[Editor’s Note, April 7, 2015: Congratulations to Duke University on its national championship. The basketball success of Duke University and its fellow finalist, the University of Wisconsin, is matched by the efforts of each school to enhance sustainability on-campus and in the corporate world. We are thankful for a thrilling tournament final, and their efforts to improve our world.]
The Final Four this year is set. All are powerhouse teams, including three top seeds (with apologies to our hometown Villanova) and a perennial contender. All are looking to hang another championship banner, while one is vying to be the first team to go undefeated since the 1976 Indiana Hoosiers.
While they play different styles, the teams share similar reasons for success. All have great leadership and long-term goals for their programs. The coaches also set solid annual and individual game strategies, and make the needed second-half or in-game adjustments. At the same time, their players execute those strategies precisely on the court.
It is a winning recipe that can be correlated to organizations looking to enhance their business performance.
For this year’s Final Four teams, they are striving for that elusive championship and, as the season moved forward, an undefeated season for Kentucky. They are annual goals that support the long-term vision.
For these programs, that long-term vision is sustained excellence.
An increasingly common goal for all business-minded organizations is making a favorable impact on society and the planet. It is certainly an excellent, long-term goal. And, there are many businesses that make such an impact on the 3 P’s: people, planet, and prosperity. But how?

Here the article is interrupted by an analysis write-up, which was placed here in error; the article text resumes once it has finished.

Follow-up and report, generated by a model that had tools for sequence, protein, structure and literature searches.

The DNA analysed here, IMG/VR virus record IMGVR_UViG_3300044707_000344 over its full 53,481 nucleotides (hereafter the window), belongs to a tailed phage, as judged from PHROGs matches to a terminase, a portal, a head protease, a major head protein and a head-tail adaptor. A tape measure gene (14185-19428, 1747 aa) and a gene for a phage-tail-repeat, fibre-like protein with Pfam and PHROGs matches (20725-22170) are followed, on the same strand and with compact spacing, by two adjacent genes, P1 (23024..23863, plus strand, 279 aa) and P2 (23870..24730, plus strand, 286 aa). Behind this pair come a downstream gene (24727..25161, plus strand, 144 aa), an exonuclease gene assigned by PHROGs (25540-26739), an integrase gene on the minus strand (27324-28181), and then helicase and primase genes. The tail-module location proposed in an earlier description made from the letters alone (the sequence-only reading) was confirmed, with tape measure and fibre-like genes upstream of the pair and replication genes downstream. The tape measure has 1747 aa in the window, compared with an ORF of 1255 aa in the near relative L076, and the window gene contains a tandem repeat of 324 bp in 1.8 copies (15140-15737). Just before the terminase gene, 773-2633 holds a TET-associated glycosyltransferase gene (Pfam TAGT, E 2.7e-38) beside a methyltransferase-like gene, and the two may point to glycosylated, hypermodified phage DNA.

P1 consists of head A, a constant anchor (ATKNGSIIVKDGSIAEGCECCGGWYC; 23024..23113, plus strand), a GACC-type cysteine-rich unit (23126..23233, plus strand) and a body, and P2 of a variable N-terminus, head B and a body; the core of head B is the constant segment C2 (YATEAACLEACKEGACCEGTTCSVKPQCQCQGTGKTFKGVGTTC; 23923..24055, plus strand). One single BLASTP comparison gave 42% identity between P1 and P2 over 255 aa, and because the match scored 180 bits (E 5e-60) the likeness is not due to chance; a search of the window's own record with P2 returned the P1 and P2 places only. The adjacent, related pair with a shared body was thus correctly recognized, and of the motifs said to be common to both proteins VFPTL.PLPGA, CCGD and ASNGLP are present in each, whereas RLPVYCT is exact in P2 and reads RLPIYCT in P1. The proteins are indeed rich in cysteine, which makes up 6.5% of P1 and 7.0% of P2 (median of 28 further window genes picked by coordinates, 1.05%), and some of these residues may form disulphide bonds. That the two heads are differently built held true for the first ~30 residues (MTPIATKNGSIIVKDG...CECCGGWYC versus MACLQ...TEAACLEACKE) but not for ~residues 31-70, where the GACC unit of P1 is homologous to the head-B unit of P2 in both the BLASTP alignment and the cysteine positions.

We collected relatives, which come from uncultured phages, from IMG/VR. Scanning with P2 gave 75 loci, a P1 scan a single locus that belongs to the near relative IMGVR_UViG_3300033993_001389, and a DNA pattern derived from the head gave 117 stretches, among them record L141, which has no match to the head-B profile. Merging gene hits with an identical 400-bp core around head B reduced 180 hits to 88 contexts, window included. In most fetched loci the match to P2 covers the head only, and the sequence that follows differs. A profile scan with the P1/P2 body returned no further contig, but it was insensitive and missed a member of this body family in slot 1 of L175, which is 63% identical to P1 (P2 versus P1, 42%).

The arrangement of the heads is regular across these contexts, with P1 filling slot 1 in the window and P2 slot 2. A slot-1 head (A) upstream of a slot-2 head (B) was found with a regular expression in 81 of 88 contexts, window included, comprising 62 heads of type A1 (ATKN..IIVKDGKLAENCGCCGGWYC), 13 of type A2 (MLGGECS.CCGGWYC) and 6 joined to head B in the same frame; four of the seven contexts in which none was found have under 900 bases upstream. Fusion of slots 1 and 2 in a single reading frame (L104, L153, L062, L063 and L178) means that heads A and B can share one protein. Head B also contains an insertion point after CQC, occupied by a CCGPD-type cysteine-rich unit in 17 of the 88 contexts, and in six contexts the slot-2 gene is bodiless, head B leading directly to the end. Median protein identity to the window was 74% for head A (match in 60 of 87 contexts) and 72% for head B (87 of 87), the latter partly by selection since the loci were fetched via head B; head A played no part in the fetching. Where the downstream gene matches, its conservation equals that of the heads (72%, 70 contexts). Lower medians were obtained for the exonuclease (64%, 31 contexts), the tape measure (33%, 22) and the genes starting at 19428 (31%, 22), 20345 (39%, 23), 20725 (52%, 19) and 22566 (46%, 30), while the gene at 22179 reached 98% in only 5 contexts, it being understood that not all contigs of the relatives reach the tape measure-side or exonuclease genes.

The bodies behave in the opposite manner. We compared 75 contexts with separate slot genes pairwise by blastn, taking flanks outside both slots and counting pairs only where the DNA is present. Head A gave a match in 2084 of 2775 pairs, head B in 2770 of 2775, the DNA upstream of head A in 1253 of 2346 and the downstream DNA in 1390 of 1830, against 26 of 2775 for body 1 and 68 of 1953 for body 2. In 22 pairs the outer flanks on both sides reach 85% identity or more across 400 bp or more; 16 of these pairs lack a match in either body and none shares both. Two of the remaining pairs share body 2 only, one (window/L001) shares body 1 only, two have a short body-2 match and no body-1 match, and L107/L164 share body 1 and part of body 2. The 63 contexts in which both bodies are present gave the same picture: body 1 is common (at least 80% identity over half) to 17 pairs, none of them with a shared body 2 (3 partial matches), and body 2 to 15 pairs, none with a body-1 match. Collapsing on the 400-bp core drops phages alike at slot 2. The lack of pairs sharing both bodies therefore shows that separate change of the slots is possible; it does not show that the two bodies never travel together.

The answer is by having a strategic, sustainability management program.
Sustainability management is the practice of considering social, environmental, and economic impacts in long-term business planning and management with the goal of enhancing value, profitability, and the resiliency of an organization.
Look at our Final Four programs: Duke, Wisconsin, Kentucky, and Michigan State. Their strategic, long-term thinking has resulting in sustained success, enhanced performance, and value (they – and their conferences – each will receive multiple millions of dollars this tournament alone).
A strategic sustainability management program for businesses requires more than just starting one-and-done recycling programs. (Yes, some criticize Kentucky for their many one-and-done players, but their success shows strong recruiting classes over the long-term.)
Strategic programs require competitor and marketplace benchmarking, picking the right projects that are cost-effective and aligned with business objectives, and engaging employees in the success of the program and company.
College basketball teams strive for championships. Businesses may lead sustainability programs for a multiple of reasons:
- cut costs/increase profits
- build long-term value
- improve brand
- engage employees
- get stakeholder buy-in
- manage the supply chain
- stay ahead of competition
Nobody start out firing on all cylinders and with perfect performance. These programs (basketball or sustainability) usually have to begin small and build up.
In fact, Coach John Calipari of Kentucky constantly says that his team is undefeated, but not perfect. It is an approach that takes the pressure off his players, but also sets realistic annual goals while reminding all of their perennial excellence.
It is not a pursuit of perfection, but rather a drive to reach for something big. It starts with the right approach, right strategy, and the right tools, and it can grow into something that is valuable, meaningful, and impactful over the long-term.